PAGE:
Entries tagged with “Downton Abbey”.

The Downton crew will be scattering for dear life soon as walkers invade.

The Downton crew will soon be scattering for dear life as hungry walkers invade.

Guess who's coming to dinner?

Guess who’s coming to dinner?

Julian Fellowes, creator and writer of the popular series Downton Abbey has been under fire recently for the boredom he’s brought to the usual scintillating programing of PBS. Season Four has been lambasted as “a snooze fest” and “a royal bore.”

But Fellowes has a plan to kick up the action.

“In last week’s episode, Mr. Bates went off and suddenly his wife’s rapist, Mr. Green died by mysteriously stepping in front of a lorry,” said Fellowes as he made formed his long figertips into church steeples. “Well, this week, Mister Green returns–– as a zombie,” the British writer said with an evil cackle.

Fellowes explained that Mr. Green will seek revenge for his murder at the hands of Mr. Bates, and that his appetite for human flesh will cause a chain reaction of death and zombie re-birth that will make Downton Abbey popular and gripping again for fans and critics alike. He is confident it will silence his critics.

“The thing is, these zombies have the most atrocious dining manners. It will be positively repulsive for the Dowager Countess and Lord and Lady Grantham to tolerate. Oh, Mr. Carson and Lady Mary will be quite beside themselves. It will be delightful fun watching as the zombie plot unfold.”

Tune in tonight.

Timothy Olyphant as Deputy U.S. Marshall Raylan Givens in "Justified" demands your attention.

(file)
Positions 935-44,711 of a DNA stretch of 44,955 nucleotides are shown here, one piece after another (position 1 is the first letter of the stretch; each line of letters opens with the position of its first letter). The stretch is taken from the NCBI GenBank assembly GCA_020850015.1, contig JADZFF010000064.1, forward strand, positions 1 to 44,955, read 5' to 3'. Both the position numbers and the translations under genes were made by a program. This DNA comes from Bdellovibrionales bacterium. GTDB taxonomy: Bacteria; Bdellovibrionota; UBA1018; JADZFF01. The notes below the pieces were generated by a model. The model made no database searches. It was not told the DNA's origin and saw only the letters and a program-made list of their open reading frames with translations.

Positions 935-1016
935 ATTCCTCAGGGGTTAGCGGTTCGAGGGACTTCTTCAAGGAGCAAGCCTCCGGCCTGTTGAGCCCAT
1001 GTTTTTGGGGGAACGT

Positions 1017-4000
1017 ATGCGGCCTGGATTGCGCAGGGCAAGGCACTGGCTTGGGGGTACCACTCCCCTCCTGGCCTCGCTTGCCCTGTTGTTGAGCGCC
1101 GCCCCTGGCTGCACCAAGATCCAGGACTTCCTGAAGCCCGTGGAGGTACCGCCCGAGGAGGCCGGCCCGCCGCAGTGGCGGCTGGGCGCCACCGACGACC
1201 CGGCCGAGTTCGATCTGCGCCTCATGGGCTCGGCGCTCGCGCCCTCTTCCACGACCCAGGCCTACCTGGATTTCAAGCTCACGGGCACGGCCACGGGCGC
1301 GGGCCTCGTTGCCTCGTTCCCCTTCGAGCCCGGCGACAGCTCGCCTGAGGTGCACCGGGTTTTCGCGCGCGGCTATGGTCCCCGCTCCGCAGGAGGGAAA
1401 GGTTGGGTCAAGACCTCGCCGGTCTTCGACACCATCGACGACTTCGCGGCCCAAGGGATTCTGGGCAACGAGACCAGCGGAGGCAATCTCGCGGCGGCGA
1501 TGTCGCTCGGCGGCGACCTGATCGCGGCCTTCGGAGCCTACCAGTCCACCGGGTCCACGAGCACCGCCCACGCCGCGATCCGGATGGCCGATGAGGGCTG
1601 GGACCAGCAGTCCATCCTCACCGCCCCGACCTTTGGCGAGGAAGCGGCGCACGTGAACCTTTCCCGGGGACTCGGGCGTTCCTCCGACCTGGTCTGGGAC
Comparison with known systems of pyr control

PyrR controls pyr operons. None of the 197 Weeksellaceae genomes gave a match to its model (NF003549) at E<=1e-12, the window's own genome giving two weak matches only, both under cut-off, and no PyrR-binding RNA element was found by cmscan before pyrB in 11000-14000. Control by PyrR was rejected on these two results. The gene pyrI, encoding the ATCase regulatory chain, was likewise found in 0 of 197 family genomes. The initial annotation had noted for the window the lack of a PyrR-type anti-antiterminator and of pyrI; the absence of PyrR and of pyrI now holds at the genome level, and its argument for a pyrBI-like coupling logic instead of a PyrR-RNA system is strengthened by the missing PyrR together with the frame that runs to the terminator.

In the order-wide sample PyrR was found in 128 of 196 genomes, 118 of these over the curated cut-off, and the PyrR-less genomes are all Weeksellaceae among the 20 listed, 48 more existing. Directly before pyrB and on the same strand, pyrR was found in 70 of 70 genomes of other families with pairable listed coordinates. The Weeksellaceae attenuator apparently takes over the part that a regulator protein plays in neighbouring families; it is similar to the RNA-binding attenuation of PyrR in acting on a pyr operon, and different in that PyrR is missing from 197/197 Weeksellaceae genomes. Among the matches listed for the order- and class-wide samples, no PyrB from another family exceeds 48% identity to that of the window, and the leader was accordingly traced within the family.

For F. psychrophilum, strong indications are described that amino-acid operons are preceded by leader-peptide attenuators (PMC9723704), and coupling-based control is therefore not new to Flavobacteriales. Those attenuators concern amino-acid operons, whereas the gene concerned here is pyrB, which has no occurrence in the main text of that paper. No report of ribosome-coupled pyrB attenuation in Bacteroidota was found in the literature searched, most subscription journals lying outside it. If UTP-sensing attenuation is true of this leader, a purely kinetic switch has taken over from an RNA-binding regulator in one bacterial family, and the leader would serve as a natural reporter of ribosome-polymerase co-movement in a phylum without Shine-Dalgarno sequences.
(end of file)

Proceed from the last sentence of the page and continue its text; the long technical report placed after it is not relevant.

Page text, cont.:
After shelling out big bucks to see well over a couple dozen movies this past year, it finally struck me–– the big screen is getting trumped by the little one.

The creative output on broadcast television far exceeds the re-hashed plotlines, remakes, kiddie pablum, cookie cutter sequels, artsy-fartsy borefests and special effects-driven mindless fare Hollywood keeps churning out.

Here are 23 great shows you can see on air. Some are subscription based, but many are free, and almost all are available on Netflix or on demand. It’s a feast of storytelling and rich, complex character development.

Get a load of these:
Justified, Falling Skies, Mad Men, Curb Your Enthusiasm, Luther, Downton Abbey, Weeds, Hell on Wheels, Boardwalk Empire, The Daily Show, Game of Thrones, Louie, Portlandia, Dexter, It’s Always Sunny in Philadelphia, Homeland, The Colbert Report, Modern Family, Breaking Bad, The Middle, Treme, Californication and The Walking Dead.

That’s 23 terrific shows, everything from period pieces to fantasy to gritty drama to sharp political satire and commentary to gripping psychological character studies to absurdist humor to family friendly comedy to rich explorations into the human condition.

It’s no wonder some of the sharpest talent in entertainment has gone from the big screen to the smaller one. There is more freedom to create, to develop, to take risks, to tell truly interesting stories and to succeed.

In short, contrary to what our parents always told us, we should all be watching more TV.